Reviewing other similar cases, we find the sentence is supported by comparison. Similarly situated defendants who have been convicted of attempted second degree murder and sentenced as multiple felony offenders have received similar or greater sentences. See, State v. Snyder, 97–226 (La.App. 5 Cir. 9/30/97), 700 So .2d 1082, 1090 (fifty years at hard labor for second felony offender not constitutionally excessive where offender, who was on parole, was convicted of attempted second degree murder for firing three shots at the victim in a drug-related incident); State v. Tyler, 01–1038 (La.App. 5 Cir. 3/26/02), 815 So.2d 205 (sixty years at hard labor for second felony offender not constitutionally excessive for defendant convicted of attempted second degree murder for stabbing his girlfriend's daughter and his girlfriend seven times); State v. Martinez, 09–1057 (La.App. 5 Cir. 5/25/10), 40 So.3d 1113 (ninety-nine years at hard labor for second felony offender not constitutionally excessive for defendant convicted of attempted second degree murder for stabbing his employer eighteen times and leaving him to die).
The review of sentences under La. Const. Art. 1, § 20 does not provide an appellate court with a vehicle for substituting its judgment for that of a trial judge as to what punishment is most appropriate in a given case. State v. Williams, 07–1111, p. 1 (La.12/7/07), 969 So.2d 1251, 1252. On appellate review of a sentence, the relevant question is not whether another sentence might have been more appropriate, but whether the trial court abused its broad sentencing discretion. State v. Walker, 00–3200, p. 2, (La.10/12/01), 799 So.2d 461, 462.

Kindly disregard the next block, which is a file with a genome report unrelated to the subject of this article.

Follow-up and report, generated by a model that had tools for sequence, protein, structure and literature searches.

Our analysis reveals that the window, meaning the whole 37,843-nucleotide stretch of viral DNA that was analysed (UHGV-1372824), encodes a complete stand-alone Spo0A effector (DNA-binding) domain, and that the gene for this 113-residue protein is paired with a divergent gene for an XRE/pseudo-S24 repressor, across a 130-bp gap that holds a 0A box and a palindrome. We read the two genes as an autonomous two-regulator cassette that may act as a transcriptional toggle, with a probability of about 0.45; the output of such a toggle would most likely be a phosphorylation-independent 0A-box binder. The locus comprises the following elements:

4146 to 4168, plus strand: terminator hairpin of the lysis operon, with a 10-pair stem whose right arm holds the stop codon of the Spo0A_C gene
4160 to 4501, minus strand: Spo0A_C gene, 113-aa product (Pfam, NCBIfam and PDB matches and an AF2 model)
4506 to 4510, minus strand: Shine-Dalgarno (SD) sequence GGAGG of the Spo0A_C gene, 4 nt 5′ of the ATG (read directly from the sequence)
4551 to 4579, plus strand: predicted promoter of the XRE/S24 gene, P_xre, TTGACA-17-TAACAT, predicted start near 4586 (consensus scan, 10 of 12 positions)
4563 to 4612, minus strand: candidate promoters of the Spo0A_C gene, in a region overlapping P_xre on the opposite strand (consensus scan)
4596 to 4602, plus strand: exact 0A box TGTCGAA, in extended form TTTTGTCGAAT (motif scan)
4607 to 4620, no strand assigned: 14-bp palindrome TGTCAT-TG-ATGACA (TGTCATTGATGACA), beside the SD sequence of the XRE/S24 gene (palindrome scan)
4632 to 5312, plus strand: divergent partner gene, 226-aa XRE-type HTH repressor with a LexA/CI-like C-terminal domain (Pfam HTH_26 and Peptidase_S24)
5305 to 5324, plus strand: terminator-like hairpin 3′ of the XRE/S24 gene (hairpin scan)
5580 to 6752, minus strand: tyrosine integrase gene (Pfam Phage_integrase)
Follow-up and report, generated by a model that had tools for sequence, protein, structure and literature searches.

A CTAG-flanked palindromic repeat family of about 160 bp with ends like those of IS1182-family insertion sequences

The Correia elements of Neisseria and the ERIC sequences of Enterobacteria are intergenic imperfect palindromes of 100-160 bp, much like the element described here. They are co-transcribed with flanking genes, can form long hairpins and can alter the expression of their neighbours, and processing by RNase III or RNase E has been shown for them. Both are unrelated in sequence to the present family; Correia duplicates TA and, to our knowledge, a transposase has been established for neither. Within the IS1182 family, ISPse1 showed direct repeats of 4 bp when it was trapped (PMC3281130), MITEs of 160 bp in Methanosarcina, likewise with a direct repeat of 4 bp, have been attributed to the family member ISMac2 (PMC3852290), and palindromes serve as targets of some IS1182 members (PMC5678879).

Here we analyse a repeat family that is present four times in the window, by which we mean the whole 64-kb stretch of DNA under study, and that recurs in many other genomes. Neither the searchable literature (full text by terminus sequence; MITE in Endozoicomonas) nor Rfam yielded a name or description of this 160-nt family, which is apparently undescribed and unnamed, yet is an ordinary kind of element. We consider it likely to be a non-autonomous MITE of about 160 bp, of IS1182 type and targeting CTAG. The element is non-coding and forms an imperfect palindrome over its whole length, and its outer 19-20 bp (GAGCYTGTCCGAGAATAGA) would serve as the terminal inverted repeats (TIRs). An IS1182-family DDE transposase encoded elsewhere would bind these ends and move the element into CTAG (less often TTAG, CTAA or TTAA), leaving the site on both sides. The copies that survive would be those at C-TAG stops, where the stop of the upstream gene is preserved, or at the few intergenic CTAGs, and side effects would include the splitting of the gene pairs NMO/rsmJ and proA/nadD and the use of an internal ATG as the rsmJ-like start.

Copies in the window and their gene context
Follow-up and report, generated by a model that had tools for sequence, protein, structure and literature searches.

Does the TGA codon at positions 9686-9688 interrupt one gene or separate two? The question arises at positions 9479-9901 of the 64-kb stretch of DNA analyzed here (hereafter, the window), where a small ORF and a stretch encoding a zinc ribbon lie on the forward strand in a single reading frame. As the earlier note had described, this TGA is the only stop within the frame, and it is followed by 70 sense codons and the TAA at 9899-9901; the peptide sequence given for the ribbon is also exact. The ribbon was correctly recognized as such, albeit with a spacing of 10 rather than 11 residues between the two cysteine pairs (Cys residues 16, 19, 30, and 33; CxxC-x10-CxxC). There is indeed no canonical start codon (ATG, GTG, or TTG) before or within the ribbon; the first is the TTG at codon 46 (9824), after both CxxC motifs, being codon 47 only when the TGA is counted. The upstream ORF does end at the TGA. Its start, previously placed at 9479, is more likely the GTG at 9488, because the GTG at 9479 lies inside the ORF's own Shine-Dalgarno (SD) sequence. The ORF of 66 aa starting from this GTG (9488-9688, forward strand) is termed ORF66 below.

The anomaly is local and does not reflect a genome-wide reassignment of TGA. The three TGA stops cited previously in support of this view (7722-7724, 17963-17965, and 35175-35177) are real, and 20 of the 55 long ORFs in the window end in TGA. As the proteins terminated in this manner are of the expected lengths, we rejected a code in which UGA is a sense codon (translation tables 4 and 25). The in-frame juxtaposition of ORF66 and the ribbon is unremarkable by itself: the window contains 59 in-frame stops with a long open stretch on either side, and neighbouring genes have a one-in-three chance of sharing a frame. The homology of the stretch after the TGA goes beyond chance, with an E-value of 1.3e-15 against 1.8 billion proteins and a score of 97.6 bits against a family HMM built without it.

The mid-range sixty-year sentence does not shock our sense of justice. We find that the sentence imposed is not excessive and further that the trial court did not abuse its broad sentencing discretion in imposing the sixty-year sentence. Accordingly, the assigned error is without merit.
Error Patent Review
Defendant is not entitled to a second error patent review of his underlying convictions and sentences; however, the record on appeal regarding defendant's multiple offender adjudication and resentencing was reviewed for errors patent. See State v. Long, 12–184, p. 10 (La.App. 5 Cir. 12/11/12), 106 So.3d 1136, 1142. The review reveals errors patent in this case.
The record does not show that the trial judge held an admit/deny hearing on the multiple bill. There is nothing in the record, however, to show that defendant objected to the trial judge's failure to apprise him of the allegations. This Court has previously held that a defendant waives his right to admit or deny the allegations in the multiple bill when he proceeds to the multiple bill hearing without objecting. State v. Jerome, 03–126, p. 3 (La.App. 5 Cir. 4/29/03), 845 So.2d 1194, 1196. Therefore, we find that no corrective action is required on this error patent. See State v. Packnett, 03–1446, pp. 8–9 (La.App. 5 Cir. 4/27/04), 873 So.2d 789, 794, writ denied, 04–2559 (La.6/24/05), 904 So.2d 736.